FILE - In this Aug. 18, 2020, file photo, a postal worker empties a box near the Fiserv Forum in Milwaukee. U.S. Postal Service…
In this Aug. 18, 2020, file photo, a postal worker empties a box near the Fiserv Forum in Milwaukee. U.S. Postal Service records show delivery delays have persisted across the country as millions of Americans began voting by mail.

The U.S. Supreme Court ruled Monday that voters in the U.S. state of Wisconsin need to return their ballots to election officials by the time polls close on November 3 in order to be counted. 

The court sided with Republicans who challenged an earlier decision by a lower court judge to extend the deadline to accept any ballots that were postmarked by November 3 but arrived by November 9. 

Ballot deadlines vary by state, and as legal challenges have played out in recent weeks, the courts have generally supported rules put in place by state legislatures or election officials. 

“No one doubts that conducting a national election amid a pandemic poses serious challenges,” Justice Neil Gorsuch wrote in a concurring opinion. “But none of that means individual judges may improvise with their own election rules in place of those the people’s representatives have adopted.”

Signs for Democratic presidential candidate former Vice President Joe Biden and President Donald Trump mark neighboring properties in a middle-class neighborhood of Oshkosh, Wisconsin, Sept. 29, 2020.

Republicans in multiple cases have argued there is enough time for voters to return their ballots by November 3, while Democrats argued extensions are necessary with historic numbers of people casting mail-in ballots in order to avoid gathering at polling sites on election day due to the coronavirus pandemic. 

Justice Elena Kagan, one of three liberals on the Supreme Court who dissented in the 5-3 decision, wrote that the ruling "will disenfranchise large numbers of responsible voters in the midst of hazardous pandemic conditions."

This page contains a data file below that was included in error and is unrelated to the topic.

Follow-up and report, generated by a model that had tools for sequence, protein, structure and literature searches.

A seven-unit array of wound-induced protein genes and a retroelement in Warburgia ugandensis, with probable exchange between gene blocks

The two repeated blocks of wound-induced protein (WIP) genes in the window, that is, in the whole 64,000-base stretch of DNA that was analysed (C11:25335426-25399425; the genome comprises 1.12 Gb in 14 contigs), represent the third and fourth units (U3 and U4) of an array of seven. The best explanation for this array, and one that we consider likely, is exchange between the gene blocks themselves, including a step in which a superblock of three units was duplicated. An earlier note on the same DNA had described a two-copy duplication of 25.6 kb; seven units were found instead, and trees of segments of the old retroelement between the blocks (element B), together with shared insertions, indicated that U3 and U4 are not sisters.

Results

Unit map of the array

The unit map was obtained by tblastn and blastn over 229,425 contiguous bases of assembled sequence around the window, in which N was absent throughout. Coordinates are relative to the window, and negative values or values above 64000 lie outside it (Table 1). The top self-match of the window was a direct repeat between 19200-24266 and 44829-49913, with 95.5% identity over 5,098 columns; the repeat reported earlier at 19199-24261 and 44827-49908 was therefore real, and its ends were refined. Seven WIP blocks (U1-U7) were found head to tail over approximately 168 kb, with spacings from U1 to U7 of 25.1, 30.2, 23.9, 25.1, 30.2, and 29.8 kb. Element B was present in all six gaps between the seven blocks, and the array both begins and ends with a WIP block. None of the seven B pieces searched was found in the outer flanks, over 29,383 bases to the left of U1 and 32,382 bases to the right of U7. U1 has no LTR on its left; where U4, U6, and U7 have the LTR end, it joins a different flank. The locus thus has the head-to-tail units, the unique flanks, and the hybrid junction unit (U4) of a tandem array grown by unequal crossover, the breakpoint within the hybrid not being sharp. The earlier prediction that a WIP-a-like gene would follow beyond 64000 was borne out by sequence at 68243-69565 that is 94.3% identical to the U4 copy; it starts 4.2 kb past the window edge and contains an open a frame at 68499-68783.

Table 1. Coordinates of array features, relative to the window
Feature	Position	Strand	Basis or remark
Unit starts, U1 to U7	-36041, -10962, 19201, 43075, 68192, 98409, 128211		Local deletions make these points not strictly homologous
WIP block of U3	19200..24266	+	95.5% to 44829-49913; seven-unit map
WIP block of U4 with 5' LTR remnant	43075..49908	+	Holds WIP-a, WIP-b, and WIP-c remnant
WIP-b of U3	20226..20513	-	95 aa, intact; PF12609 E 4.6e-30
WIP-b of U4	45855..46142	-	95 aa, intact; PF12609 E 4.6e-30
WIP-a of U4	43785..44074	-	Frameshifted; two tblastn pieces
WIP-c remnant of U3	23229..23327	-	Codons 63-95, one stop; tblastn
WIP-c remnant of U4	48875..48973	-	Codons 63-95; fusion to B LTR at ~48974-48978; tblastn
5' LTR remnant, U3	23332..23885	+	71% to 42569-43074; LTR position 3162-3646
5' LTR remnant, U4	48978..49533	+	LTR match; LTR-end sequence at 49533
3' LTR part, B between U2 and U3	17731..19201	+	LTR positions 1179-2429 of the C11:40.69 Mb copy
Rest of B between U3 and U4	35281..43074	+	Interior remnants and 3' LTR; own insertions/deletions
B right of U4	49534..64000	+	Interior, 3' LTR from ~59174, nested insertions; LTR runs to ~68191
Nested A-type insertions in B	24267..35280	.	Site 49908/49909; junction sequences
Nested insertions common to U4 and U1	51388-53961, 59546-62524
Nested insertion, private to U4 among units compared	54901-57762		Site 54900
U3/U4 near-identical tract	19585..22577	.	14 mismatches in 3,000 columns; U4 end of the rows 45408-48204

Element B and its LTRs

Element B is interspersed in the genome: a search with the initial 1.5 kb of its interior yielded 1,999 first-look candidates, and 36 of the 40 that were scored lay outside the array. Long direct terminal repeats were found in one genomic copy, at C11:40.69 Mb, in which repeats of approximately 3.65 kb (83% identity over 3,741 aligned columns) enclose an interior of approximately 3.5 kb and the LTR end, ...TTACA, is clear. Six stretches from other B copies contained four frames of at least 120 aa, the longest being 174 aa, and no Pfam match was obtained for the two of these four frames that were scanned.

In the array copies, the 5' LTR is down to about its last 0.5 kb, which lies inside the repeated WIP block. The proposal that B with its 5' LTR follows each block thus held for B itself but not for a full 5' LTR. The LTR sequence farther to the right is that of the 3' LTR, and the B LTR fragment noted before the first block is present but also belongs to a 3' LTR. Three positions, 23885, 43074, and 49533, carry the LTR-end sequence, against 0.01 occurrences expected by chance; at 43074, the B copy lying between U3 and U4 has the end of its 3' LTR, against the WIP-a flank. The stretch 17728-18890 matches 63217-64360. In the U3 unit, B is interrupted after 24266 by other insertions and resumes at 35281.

The Wisconsin Elections Commission reported Monday that 1.7 million people had requested to vote by absentee ballot, and that 1.34 million had either cast a ballot by mail or voted absentee in person. 

Nationwide, more than 64 million people had either cast mail-in ballots or voted early in person as of Monday night, according to the U.S. Elections Project. 

About 20 of the 50 U.S. states currently allow ballots to come in after Election Day as long as they are postmarked by November 3. 

What Happens Next?

What It Means to Become President-Elect in the US

In the United States, Democrat Joe Biden is being called the president-elect.

President-elect is a descriptive term not an official office. As such, Biden has no power in the government, and he would not until he is inaugurated at noon on January 20, 2021.

American news networks, which track all of the vote counting, determined on November 7 that Biden’s lead had become insurmountable in Pennsylvania, putting him over the 270 electoral votes needed to be president. Within minutes of determining his lead was mathematically assured, they projected him as the winner.

That is why news organizations, including VOA, are calling Biden the "projected winner."

Sometimes, in the case of particularly close elections, when news networks make this call, the other candidate does not concede victory. President Donald Trump has not done so, alleging voter fraud without substantial evidence and vowing to fight on. The president’s position has left Washington lawmakers divided, with Republicans backing a legal inquiry into allegations of vote fraud, even as they celebrate other congressional lawmakers who won their races.

When will the dispute be resolved?

The U.S. election won’t be officially certified for weeks. In the meantime, court challenges and state recounts could occur.

So far, the Trump administration has not provided evidence for any fraud that could overturn the result, but there is still time for more legal challenges.

Once states have certified the vote, pledged electors then cast their votes in the Electoral College in mid-December. Congress then certifies the overall Electoral College result in early January, about two weeks before Inauguration Day.